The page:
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Nuffield Health Moorgate Fitness and Wellbeing Centre Good

Inspection Summary


Overall summary & rating

Good

Updated 5 November 2019

This service is rated as Good. (Previous inspection July 2018 – This was an unrated inspection).

The key questions are rated as:

Are services safe? – Good

Are services effective? – Good

Are services caring? – Good

Are services responsive? – Good

Are services well-led? – Good

We carried out an announced comprehensive inspection at Nuffield Health Moorgate Fitness and Wellbeing Centre as part of our ongoing ratings inspection programme for independent health services.

Nuffield Health Moorgate Fitness and Wellbeing Centre offers private GP appointments, travel health consultations and a range of health assessments and screening processes to patients aged over 18 years.

This service is registered with CQC under the Health and Social Care Act 2008 in respect of some, but not all, of the services it provides. There are some general exemptions from regulation by CQC which relate to particular types of service and these are set out in Schedule 2 of The Health and Social Care Act 2008 (Regulated Activities) Regulations 2014. At Nuffield Health Moorgate Fitness and Wellbeing Centre services are provided to patients under arrangements made by their employer. These types of arrangements are exempt by law from CQC regulation. Therefore, at Nuffield Health Moorgate Fitness and Wellbeing Centre, we were only able to inspect the services which are not arranged for patients by their employers.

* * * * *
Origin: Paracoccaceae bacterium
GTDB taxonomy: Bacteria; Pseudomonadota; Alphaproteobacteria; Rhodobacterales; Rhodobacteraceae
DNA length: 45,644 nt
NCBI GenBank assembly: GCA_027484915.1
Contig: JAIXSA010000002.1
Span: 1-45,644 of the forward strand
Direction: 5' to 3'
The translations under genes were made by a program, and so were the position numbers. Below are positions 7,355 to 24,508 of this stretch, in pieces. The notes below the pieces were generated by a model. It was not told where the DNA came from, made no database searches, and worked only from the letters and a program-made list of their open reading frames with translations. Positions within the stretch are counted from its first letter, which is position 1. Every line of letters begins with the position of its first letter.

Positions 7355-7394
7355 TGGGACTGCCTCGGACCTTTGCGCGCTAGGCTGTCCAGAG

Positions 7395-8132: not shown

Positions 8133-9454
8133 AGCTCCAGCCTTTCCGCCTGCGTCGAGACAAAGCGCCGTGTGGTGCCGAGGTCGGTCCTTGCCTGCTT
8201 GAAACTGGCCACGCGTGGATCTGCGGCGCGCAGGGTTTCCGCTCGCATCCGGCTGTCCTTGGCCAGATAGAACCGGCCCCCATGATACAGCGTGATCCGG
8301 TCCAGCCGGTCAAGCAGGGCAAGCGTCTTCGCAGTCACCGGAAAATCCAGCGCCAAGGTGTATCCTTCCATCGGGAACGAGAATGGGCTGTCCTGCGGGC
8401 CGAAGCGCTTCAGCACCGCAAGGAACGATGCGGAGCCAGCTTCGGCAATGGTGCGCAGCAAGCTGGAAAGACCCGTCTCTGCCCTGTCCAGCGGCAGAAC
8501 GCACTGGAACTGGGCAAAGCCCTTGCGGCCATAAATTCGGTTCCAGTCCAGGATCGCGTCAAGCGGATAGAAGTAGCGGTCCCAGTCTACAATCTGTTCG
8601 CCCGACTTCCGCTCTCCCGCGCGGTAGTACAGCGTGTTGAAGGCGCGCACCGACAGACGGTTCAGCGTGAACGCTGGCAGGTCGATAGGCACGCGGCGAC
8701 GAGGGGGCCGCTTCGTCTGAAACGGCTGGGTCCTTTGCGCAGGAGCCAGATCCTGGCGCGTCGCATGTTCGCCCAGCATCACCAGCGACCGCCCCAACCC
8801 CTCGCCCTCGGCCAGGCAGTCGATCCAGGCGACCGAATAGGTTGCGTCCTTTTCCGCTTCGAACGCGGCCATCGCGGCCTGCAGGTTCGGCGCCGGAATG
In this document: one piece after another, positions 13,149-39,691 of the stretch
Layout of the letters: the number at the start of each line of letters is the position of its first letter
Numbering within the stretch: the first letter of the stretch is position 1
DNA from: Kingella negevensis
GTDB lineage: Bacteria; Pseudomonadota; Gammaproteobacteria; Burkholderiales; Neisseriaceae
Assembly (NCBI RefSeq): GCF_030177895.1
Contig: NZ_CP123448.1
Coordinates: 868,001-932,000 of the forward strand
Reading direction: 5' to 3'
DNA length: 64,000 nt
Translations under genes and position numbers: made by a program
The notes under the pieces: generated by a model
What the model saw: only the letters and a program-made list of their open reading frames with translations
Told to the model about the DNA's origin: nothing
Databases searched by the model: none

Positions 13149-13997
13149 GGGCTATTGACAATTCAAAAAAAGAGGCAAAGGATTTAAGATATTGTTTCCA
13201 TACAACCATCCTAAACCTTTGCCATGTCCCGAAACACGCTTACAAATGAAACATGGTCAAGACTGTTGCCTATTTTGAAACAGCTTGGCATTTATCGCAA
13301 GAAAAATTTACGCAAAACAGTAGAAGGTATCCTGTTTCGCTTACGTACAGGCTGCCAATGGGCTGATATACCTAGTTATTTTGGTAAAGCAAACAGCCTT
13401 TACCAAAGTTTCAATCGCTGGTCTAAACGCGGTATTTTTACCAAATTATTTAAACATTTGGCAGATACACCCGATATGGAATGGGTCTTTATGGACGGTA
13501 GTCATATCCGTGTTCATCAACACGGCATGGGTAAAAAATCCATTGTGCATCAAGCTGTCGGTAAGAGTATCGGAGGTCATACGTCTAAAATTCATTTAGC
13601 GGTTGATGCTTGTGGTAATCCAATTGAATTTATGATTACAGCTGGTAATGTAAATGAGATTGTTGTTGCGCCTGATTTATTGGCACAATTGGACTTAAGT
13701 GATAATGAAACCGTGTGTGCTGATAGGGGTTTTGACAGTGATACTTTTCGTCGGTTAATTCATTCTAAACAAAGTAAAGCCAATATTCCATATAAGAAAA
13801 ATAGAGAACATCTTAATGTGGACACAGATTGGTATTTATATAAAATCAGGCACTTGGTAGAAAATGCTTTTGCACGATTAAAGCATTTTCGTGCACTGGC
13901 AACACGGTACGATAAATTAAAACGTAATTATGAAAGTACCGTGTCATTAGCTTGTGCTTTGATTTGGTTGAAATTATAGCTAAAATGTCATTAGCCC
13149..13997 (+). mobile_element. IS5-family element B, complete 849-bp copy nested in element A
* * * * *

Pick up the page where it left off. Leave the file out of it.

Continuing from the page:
The Centre Manager is the registered manager. A registered manager is a person who is registered with the Care Quality Commission to manage the service. Like registered providers, they are ‘registered persons’. Registered persons have legal responsibility for meeting the requirements in the Health and Social Care Act 2008 and associated Regulations about how the service is run.

Seven number of people provided feedback about the service. All feedback was positive about the service.

Our key findings were:

  • The provider had clear systems to keep people safe and safeguarded from abuse. Staff understood and fulfilled their responsibilities to raise concerns and report incidents and near misses.
  • Staff assessed patients’ needs and delivered care in line with relevant and current evidence based guidance and standards.
  • Patients were treated with dignity and respect and they were involved in decisions about their care and treatment. Treatment was delivered in line with best practice guidance and appropriate medical records were maintained.
  • Patients were provided with information about their health and with advice and guidance to support them to live healthier lives.
  • Systems were in place to protect patients’ personal information.
  • Information about services and how to complain was available and easy to understand.
  • An induction programme was in place for all staff and staff received induction training prior to treating patients.
  • Staff were well supported with training and professional development opportunities. They were trained to provide them with the skills, knowledge and experience to deliver effective care and treatment.
  • The provider had a clear vision to provide safe and high quality service and there was a clear leadership and staff structure. Staff understood their roles and responsibilities.
  • There were clinical governance systems and processes in place to ensure the quality of service provision. Staff had access to all standard operating procedures and policies.

Dr Rosie Benneyworth BM BS BMedSci MRCGP

Chief Inspector of Primary Medical Services and Integrated Care

Inspection areas

Safe

Good

Updated 5 November 2019

We rated safe as

Good because:

The practice had systems and processes in place to keep patients safe throughout their time at the practice. This included health and safety, infection control and safeguarding procedures. Monitoring processes were in place to ensure patients remain safe.